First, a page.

ABOVE: Howard Bauchner speaking at the University of Texas at Austin in 2015

Update (June 3, 2021): Today, JAMA's interim editor-in-chief, Phil Fontanarosa, and colleagues published an editorial in the journal outlining “a range of editorial priorities and approaches to strive for and promote diversity, equity, and inclusion.” 

Howard Bauchner, the editor-in-chief of JAMA for the last 11 years, will resign at the end of June following backlash over comments made by another journal editor about racism in healthcare. JAMA’s executive editor Phil Fontanarosa will serve as interim editor-in-chief.

Bauchner’s departure comes months after two editors of JAMA journals suggested in a podcast that structural racism does not exist in medicine. The two white doctors—Ed Livingston, the deputy editor of clinical content at JAMA, and Mitchell Katz, an editor at JAMA Internal Medicine—denied that they themselves were racist, suggested the word racism “might be hurting us,” and questioned whether racism could exist when it is “illegal,” a full transcript of the podcast reveals. Neither Livingston nor Katz are experts in structural racism. A since-deleted tweet advertising the podcast and shared by Buzzfeed also read, in part, “No physician is racist, so how can there be structural racism in healthcare?” 

“I remain profoundly disappointed in myself for the lapses that led to the publishing of the tweet and podcast. Although I did not write or even see the tweet, or create the podcast, as editor-in-chief, I am ultimately responsible for them,” Bauchner says in a statement released by the American Medical Association (AMA), which publishes more than 100 JAMA journals. 

The committee to find Bauchner’s replacement will be led by Otis Brawley, an oncologist and epidemiologist at Johns Hopkins University who studies racial, economic, and social disparities in medicine.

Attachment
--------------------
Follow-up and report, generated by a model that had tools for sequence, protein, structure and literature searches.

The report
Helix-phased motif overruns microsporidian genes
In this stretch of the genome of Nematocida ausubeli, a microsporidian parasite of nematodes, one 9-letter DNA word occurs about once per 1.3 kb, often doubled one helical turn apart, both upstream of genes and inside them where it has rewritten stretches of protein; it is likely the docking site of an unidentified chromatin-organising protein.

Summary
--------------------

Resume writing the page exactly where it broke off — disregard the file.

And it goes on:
Bauchner’s departure is the latest in a series of actions taken by the journal and its publisher. Shortly after the podcast aired, Livingston resigned and Bauchner was placed on administrative leave in March pending the outcome of an investigation by an outside counsel. The AMA’s statement made no mention of the counsel’s progress, and The New York Times reports that JAMA declined to comment. The AMA also announced a three-year plan to address racial justice and advance health equity.

See “Top JAMA Editor on Leave in Fallout Over Racism Podcast

“This is a real moment for JAMA and the AMA to recreate themselves from a founding history that was based in segregation and racism to one that is now based on racial equity,” Stella Safo, a physician at the Icahn School of Medicine, tells the Times. After the podcast, Safo and other colleagues released a petition calling on JAMA to diversify its staff and hold a series of town hall conversations about racism in medicine. The petition has since garnered more than 9,000 signatures. “I think that this is a step in the right direction,” Safo adds.

Despite the changes announced by JAMA and the AMA, not everyone feels they are enough. In the immediate aftermath of the podcast, at least 10 researchers publicly announced their intention to  boycott JAMA journals, while others pulled existing papers under review for publication, Buzzfeed reports. Raymond Givens, a cardiologist who had previously raised concerns over the diversity of JAMA’s editorial staff directly to Bauchner, told STAT in April that there was still much to do to improve the situation. “This deficit in diversity means there are tremendous blind spots. They don’t even know what they don’t know.” 

Fatima Cody Stanford, the head of a minority affairs group at the AMA, tells the Associated Press that while the AMA was making strides to address health disparities in medicine, the tweet and podcast still “felt like a dagger to the heart to those of us who’ve worked so hard to get that work done.”